13.5 - Polymerisation in Alkenes Flashcards Preview

OCR A Chemistry A Level - Chapter 13 > 13.5 - Polymerisation in Alkenes > Flashcards

Flashcards in 13.5 - Polymerisation in Alkenes Deck (12)
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1

What is addition polymerisation?

Alkenes undergo addition polymerisation to produce long saturated alkanes which have high molecular masses.

2

What conditions are used for industrial polymerisation?

High temperature and pressure using catalysts.

3

What are the benefits of polymers?

- Cheap and readily available
- More convenient than glass, metal dustbins, paper bags
- Lack of reactivity - good for storing foods and chemicals safely

4

Name one drawback with regards to polymer disposal?

Lack of reactivity also means that they are difficult to dispose of, they are mostly non-biodegradable

5

What are the benefits of recycling polymers?

- Reduces environmental impact - no need to burn fossil fuels
- Decreases landfill amount
- Discarded polymers must categorised by type (if poylmers are mixed it renders the recycling process useless)
- Polymers are made into flakes, washed and dried to be melted and reconstructed for use again

6

What are the drawbacks of recycling PVC?

Can't be burnt as the high chlorine content in PVC and the range of additives make it toxic (releases hydrogen chloride a corrosive gas)

- Nowadays solvents are added to PVC to dissolve the polymer, high grade PVC is recovered in precipitation from solvent, solvent is used again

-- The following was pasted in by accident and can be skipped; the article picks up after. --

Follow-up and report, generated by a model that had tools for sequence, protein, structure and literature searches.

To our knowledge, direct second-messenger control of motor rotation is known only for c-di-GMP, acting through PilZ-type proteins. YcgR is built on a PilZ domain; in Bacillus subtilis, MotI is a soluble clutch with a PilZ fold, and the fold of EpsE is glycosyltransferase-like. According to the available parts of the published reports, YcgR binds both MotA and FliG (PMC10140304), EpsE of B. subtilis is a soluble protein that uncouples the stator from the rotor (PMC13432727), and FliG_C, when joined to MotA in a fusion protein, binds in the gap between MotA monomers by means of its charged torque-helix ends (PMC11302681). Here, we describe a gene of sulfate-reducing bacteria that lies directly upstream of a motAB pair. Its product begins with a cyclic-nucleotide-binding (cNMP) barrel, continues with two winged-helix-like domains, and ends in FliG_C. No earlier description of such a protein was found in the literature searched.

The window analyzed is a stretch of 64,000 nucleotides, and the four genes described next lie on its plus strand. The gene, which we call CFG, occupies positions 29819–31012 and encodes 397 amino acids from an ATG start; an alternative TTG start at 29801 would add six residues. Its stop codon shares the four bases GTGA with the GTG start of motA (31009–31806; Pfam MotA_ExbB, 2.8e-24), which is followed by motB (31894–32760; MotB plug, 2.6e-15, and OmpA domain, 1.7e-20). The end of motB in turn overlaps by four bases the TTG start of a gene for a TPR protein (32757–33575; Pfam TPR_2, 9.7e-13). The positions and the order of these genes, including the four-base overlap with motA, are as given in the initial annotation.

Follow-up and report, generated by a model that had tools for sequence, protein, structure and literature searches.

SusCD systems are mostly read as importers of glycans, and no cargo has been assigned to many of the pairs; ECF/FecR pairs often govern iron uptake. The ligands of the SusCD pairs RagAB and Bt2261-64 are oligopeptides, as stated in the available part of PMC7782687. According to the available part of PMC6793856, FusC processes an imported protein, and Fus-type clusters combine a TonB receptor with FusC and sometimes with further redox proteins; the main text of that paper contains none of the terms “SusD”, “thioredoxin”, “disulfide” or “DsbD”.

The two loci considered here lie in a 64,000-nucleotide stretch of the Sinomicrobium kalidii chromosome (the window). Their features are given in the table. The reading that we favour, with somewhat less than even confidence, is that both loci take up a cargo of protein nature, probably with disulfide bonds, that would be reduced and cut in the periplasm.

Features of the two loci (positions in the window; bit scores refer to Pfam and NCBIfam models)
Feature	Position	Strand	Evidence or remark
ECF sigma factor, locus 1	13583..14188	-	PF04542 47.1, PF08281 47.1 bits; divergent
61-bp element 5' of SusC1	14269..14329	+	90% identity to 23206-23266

7

What use can polymers take if they cannot be recycled?

Since some polymers are derived from natural gases or petroleum, they have high stored energy value
- They can be incinerated to produce heat > generate steam for turbines to produce electricity

8

What is feedstock recycling?

- Reclaiming monomers, gases or oils from waste polymers.
- Products of FR resemble those from crude oil refineries
- FR can handle unsorted and unwashed polymers
- Products can be used as raw materials for new polymer production

9

What are bioplastics?

Made from plant starch, cellulose, plant oils
- They are a sustainable alternative to oil-based products
Bioplastic use protects our environments and conserves oil stores.

10

How do biodegradable polymers work?

- Decomposed by microorganisms to form water, CO2 and biological compounds
- Biodegradable polymers usually made from starch or cellulose to allow microorganisms to break them down.

11

What are advantages of biodegradable polymers?

- They live no visible or toxic residues
- Supermarket bags or bin liners can be composted with the rubbish
- New products such as compostable plates, cutlery etc. mean there will be less waste plastic.

12

What are photodegradable polymers?

Photodegradable oil-based polymers are used when biodegradable polymers can't be used.
- They contain bonds that are weakened by the presences of light - they degrade.
- Or light absorbing additives are used to break them down